Search
  • Zach

Food: The Pub Board (for all ages)

You don’t have to disguise the food you give your children in order for them to eat it; in fact, most of them are too perceptive for that anyway. If you absolutely want them to eat vegetables, then that is what you should provide for them, day in and day out; no matter how it’s prepared, if they’re hungry enough, they’ll eat it.


But if, upon that rainy day, they become disinterested, there is an easy way to spruce it up and make healthy snacks a little more enticing for them. Our 4-year old has a difficult time eating things that are mixed together - be it casseroles, chili or even certain styles of pasta, he likes to eat his foods…raw; and we have always subscribed to the ISO principal, meet him where he’s at. So with this and the knowledge of the fact that children are natural grazers, we began sharing “pub boards”.


It’s as simple as it gets: We slice up bell peppers, cucumbers, celery stalks, carrots, pickles, nuts, seeds- anything fresh, raw and healthy. With our kiddos’ assistance, we arrange them on a cutting board (a plate or serving dish works fine) into various patterns or sets: we might stack the carrot sticks like fire wood and slather some hummus on there to be the “fire”; we might arrange the cucumber slices to look like a caterpillar with two raisin eyes, drizzle some honey, fresh lemon juice and a bit of Veganaise, dill and basil (kids love sprinkling on the spices and it helps them to learn about the various flavors they are tasting); three cashews can form a circle, so we stick some of those on there.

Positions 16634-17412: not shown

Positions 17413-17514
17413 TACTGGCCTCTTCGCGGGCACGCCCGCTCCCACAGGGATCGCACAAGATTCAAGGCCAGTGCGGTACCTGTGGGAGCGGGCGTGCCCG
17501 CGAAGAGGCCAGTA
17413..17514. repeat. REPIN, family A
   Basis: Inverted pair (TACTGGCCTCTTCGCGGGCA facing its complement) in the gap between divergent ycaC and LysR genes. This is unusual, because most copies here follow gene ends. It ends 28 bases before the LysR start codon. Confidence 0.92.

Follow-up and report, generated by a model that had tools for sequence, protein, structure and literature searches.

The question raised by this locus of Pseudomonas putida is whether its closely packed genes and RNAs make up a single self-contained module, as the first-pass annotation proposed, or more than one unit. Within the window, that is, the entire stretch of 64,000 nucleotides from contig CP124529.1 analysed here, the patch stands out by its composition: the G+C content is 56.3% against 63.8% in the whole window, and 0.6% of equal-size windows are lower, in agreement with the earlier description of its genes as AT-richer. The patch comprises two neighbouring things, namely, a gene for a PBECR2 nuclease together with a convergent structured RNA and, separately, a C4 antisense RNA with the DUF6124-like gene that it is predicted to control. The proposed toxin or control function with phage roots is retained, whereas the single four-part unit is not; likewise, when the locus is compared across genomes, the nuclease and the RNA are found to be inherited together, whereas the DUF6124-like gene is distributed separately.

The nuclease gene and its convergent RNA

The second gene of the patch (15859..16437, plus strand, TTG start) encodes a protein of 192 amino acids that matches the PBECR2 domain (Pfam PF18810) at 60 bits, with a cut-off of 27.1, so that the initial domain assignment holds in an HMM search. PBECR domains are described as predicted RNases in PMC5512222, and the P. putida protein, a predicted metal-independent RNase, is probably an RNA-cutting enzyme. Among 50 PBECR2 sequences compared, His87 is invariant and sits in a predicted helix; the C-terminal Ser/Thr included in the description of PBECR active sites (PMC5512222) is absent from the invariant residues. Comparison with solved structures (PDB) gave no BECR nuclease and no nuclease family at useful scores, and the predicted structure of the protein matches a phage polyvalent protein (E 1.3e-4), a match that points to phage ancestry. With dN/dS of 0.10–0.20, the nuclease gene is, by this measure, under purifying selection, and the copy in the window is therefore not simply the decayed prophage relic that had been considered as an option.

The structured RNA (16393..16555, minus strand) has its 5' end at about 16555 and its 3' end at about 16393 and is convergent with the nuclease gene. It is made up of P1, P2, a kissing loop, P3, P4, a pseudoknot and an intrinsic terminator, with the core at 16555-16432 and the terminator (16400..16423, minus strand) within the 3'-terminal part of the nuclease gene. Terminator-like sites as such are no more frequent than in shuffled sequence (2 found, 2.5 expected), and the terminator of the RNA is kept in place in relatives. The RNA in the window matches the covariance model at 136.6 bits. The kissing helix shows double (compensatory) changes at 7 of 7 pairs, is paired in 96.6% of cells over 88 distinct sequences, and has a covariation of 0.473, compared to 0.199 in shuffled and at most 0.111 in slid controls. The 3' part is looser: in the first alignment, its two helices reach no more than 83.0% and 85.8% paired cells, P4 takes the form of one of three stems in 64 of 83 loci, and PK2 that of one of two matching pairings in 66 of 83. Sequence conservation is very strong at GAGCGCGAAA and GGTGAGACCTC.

Fruit is a given and they can have more of that once the board is clean (you may have to adapt with your quantites of fruit to veggies, as they will often fill up just enough on the sweet stuff). Any berries, apple slices, kiwi, etc. you might have will sweeten the deal. Sprinkle some nutritional yeast over the veggies, with some shelled sunflower seeds or pumpkin seeds and voila! We’ve done clouds, Stonehenge, rainbows and the Eiffel Tower and every time they eat all of it, usually requesting more.


The same concept can be applied to various lunch boxes and travel snacks for when you and/or your kiddo is on the go; many cargo methods may not provide the artistic element, but they can help you pack it and fill each compartment with delicious food and homemade dressings. This is also a simple way for us grownups to snag a few crucial vitamins and minerals as well.


Carving out time to cook and prepare food for our family can be challenging, but if we’re willing to explore, if we prepare and if we’re passionate about your kids’ health, we may create some countless beautiful meals until it becomes a lifestyle, further building our repertoire as an in-home chef. As our children grow, they may take an increased interest in our cooking, so be sure to include them in the process while they’re young and before they can take sustenance for granted. Food is life. Let them in, educate them on where it all comes from and let them learn it from you.

6 views
 

©2019 by Fox in the Forest School. Proudly created with Wix.com